1949 D-18
Hey Robert, Yes, the D-18 arrived safe and sound and right on time.  It is exactly as you described (but I already knew it would be from your outstanding photography) and I too look forward to returning it to the great guitar that it once was. I will certainly share photographs when it is completed.  Thanks again.

1952 000-18
Hi Robert, Arrived safe and sound. Changed strings. Sounds fantastic. Love it.  Thanks So Much.

1953 0-18
Thank you very much for letting us visit you the other day, and for being so generous with your guitar collection. We are both very impressed.  I'm getting to know the 0-18 and am concentrating on my lost skill at fingerpicking.  In spite of what I said about liking the woody sound of old strings I'd like to see what it sounds like with new strings.  I would also like to try some different gauges.  I love the tone of this guitar as it is, but have a need to know it's full dimension in tone.  Thanks again.

1957 00-18
The guitar arrived in good shape yesterday, and I am very pleased.  I changed the strings "just because" and see why you like old strings on it.  New are fine, but it sounds more mellow in a really nice way with the old.  It's a nice little guitar. 

1957 00-18
I got the guitar and unfortunately I'm going to return it.  I do apologize for any inconvenience.  Again I apologize but I'm just not falling in love with it and It's a large purchase for me so in the end I want to feel comfortable about spending this amount of money.  Also, as much as i like the overall tone the feel was not what i expected and really the only way to decide on that aspect, as we all know, is to hold it and play it.  I'm looking forward to staying in touch on what you might have available in the future.  Thanks again for all of your help.  I can box it up pretty quickly so just let me know what works best for you.  Thanks again.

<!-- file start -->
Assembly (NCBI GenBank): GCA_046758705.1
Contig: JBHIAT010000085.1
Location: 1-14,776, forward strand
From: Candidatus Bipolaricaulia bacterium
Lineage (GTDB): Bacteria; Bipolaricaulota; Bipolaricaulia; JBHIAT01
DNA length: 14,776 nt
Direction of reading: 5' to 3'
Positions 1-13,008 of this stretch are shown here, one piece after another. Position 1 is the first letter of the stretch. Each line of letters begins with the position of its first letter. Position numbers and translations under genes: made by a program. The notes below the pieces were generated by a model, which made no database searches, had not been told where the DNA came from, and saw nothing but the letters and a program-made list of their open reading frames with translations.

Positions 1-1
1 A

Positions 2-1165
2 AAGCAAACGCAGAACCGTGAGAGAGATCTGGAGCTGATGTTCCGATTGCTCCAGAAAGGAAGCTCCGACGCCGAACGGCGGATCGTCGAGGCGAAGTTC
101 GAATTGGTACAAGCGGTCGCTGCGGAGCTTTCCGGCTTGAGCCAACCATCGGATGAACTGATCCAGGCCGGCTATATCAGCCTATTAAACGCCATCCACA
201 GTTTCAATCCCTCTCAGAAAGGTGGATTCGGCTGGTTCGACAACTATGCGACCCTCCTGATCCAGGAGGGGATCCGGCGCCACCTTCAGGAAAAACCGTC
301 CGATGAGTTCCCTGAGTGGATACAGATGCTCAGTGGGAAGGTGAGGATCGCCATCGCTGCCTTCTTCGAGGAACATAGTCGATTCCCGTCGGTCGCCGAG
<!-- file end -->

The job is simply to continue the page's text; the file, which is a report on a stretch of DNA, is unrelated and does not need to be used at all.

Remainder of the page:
1962 000-18
Hello Robert,  I truly hope all is well with you. We really enjoyed visiting with you a few weeks ago. I am writing this brief note to tell you that the 000-18 has opened up nicely and sounds great!  So, thanks again. I will be in touch. As discussed, I would love to get together again in the future – a. to let you see and hear how the guitar has responded to regular/daily playing and b.Pictures of the 000-18 and possibly my other cherished guitars? For a fee of course :0)   Take care.

1966 D-35
Guitar arrived in one piece!  I always worry about transport.  The guitar is beautiful and very easy to play -- most impressive. I love the sound -- first one I have played from the 60s but I have played many from the early 70s -- this one sounds better to my ears, warm yet very clear string to string. The dreadnaught is a change for me, a different size -- and very comfy to play).  I was able to slip a mirror inside and it looks very clean to me.  Thanks again, I feel privileged to own the D-35.  I will look to give a call when I am coming back thru on the last week in July.  Just talking about old martins is fun.  Hope you have a good visit with your Dad this coming week.

Martin /Wurlitzer
The guitar arrived today in perfect shape, (great packing job!) and i just wanted to let you know that it was here, safe and sound.  I have spent some time with the guitar and i must say, it has a great voice and is very enjoyable to play... It almost seems to play its self.

Roy Smeck Stage Deluxe
The 37 Smeck came home yesterday.  Dave (Bromberg) and I unpacked it after woodshed and the work is really GREAT...  Too soon to say about it's voice yet, but it plays very nice...

Played it Thursday.  It sounds great & the cut down neck is a LOT more comfortable!